The importance of extrinsic motivation also points to the need for better careers information for students and building this into outreach programmes. ‘The only things students seem to think you can do with chemistry is either read medicine at university, or become a chemist [pharmacist] or a chemistry teacher. They don’t realize the diversity of jobs,’ says Reiss. ‘Nor do they realize you will have an above average salary.’
The study also considered how gender affects students’ aspiration and interest in chemistry. In 2018/19, only 45% of chemistry undergraduates were female, compared to 57% of the total undergraduate population. ‘There is still a perception [that chemistry is not for girls], which sometimes even in schools tends to dribble through,’ says Reiss. His analysis showed that overall boys tended to express more positive views than girls, but Chemistry for All seemed to have an equalising effect in at least one of the cohorts studied. At Year 11, 12.3% of girls and 24.5% of boys agreed or strongly agreed that they intended to continue to study chemistry within comparison schools, but this shifted to 26.5% of girls and 25.3% of boys within schools in the Chemistry for All programme
One attitude expressed that Reiss says is damaging to girls’ aspirations is the idea that chemistry is difficult. ‘The message that you’ve got to be innately clever is particularly harmful for young women.’ Some will argue that sciences are hard, and it’s certainly true that students who study the three sciences on average gain lower A-level grades than some other subjects. But Reiss argues that ‘it’s not helpful, because it’s not true for some students’. This also ignores the fact that whatever your A-level grades, lifetime earnings for chemistry graduates will typically exceed many other subjects.
Chemistry for All has demonstrated it is possible to change students’ attitudes through carefully considered outreach, but questions remain. ‘If you raise aspirations in this way, does it actually translate into “bums on seats”?’ asks Elliot Major. Will more of those students who participated in Chemistry for All go on to study chemistry when they leave school? The story is not yet complete – something the RSC has acknowledged by commissioning Reiss and his colleges to follow up with the same cohort of students in 2021 to see what university or career decisions they have made.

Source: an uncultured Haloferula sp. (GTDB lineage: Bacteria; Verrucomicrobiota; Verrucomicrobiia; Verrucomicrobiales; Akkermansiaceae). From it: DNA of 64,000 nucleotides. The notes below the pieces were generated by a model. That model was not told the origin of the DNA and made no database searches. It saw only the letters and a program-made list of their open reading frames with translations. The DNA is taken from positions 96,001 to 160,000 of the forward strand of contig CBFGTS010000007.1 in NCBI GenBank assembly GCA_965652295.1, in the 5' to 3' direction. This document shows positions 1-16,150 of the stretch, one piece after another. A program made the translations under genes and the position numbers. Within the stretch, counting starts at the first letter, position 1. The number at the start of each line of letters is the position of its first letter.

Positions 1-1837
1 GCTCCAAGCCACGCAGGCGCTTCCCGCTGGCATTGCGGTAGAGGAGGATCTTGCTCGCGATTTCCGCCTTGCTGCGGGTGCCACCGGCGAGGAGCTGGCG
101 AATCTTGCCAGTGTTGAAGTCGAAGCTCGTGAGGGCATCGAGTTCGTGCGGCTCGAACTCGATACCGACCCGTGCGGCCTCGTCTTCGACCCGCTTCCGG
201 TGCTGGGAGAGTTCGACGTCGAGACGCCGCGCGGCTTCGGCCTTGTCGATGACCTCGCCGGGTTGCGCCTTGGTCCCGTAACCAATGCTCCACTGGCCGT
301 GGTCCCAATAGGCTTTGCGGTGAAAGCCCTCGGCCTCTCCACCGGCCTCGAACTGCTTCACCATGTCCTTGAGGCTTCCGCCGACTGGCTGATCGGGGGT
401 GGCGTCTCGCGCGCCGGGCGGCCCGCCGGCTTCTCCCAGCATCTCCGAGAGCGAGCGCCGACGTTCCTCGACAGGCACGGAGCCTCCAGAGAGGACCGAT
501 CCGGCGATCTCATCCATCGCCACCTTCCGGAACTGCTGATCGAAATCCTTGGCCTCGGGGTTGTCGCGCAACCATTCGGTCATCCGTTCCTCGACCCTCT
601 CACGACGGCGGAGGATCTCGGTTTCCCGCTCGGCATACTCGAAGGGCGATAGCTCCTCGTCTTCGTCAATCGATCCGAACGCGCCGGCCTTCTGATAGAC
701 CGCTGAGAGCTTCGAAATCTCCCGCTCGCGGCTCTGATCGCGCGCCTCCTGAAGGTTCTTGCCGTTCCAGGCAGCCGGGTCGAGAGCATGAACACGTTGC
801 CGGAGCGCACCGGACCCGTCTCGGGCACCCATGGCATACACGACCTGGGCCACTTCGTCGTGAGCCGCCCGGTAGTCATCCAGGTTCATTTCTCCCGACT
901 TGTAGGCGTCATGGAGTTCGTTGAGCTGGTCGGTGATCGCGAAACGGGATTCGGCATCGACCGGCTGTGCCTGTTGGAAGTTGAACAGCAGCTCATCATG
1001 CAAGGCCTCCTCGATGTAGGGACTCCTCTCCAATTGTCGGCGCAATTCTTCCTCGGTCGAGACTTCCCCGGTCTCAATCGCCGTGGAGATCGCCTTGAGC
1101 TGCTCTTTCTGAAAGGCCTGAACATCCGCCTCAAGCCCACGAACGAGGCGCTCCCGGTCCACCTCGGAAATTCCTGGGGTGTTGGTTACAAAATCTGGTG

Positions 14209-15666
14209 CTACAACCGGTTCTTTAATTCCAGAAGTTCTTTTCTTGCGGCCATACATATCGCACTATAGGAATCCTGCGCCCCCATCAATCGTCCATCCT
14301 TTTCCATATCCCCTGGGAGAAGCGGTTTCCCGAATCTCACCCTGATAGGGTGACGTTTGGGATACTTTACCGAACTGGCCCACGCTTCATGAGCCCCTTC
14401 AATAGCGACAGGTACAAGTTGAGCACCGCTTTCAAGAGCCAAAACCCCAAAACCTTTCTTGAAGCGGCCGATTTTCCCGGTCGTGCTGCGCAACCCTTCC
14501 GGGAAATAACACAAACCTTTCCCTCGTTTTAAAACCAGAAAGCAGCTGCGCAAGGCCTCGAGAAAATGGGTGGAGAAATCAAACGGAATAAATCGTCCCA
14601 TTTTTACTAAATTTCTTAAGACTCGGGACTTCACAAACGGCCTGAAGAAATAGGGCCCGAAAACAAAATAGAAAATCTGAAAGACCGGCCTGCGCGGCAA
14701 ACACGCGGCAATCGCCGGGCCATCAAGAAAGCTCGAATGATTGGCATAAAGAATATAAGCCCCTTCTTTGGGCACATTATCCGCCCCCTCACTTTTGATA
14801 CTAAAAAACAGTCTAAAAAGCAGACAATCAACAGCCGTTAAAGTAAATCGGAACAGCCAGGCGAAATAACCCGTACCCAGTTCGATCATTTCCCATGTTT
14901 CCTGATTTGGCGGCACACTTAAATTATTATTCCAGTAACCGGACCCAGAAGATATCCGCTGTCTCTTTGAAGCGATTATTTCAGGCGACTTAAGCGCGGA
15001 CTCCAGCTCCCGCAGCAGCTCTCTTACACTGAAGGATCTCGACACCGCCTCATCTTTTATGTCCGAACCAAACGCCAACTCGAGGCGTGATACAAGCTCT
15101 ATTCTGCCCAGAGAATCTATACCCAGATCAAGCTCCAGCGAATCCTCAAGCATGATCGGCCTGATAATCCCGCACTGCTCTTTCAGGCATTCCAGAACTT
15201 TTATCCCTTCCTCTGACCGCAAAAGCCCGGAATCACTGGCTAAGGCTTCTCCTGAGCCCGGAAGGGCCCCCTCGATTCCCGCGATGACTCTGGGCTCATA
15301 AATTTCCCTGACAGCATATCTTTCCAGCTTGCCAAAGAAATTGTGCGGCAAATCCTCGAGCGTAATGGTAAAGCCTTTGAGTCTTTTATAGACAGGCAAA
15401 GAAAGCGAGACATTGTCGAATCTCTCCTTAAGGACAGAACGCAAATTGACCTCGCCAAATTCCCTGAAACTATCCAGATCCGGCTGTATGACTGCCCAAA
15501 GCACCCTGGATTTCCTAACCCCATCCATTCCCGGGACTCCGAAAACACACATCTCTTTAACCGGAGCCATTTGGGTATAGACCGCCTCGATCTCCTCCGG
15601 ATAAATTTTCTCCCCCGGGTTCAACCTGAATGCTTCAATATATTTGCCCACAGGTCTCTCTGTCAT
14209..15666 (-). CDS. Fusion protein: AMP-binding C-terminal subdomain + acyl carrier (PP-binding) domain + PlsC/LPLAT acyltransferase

Do something you believe is going to make a difference, engage students and keep at it
In the meantime, Robertson says the RSC is sharing the current conclusions with the chemistry outreach community and is launching a new chemistry outreach grant scheme to allow providers to build on the findings. ‘We’re also reviewing our approach to outreach on the basis of the findings, and other evidence that we have, to make sure that the outreach that we do is effective and as targeted as it can be on widening participation,’ she says.
Chemistry for All has been a bold experiment and a significant investment for the RSC, but there are lessons for all. ‘The message to do something you believe is going to make a difference, and engage students and keep on at it for at least a couple of years, is something that, frankly, even a small charity could do,’ says Reiss.
Although the mesage is positive, Elliot Major does see limitations to the impact of such outreach programmes. ‘Social mobility is driven by inequalities outside the school gates as well as inside them,’ he says. Absolute rates of social mobility have declined and he fears that for young people living through the Covid-19 crisis, their chances of climbing the social ladder will be diminished even further. ‘Obviously it’s not a panacea for all society’s ills,’ admits Morgan. ‘But it shows that there are things that you can do and if you understand how young people are engaging with science, then you can start changing the narrative.’
Rachel Brazil is a science writer based in London, UK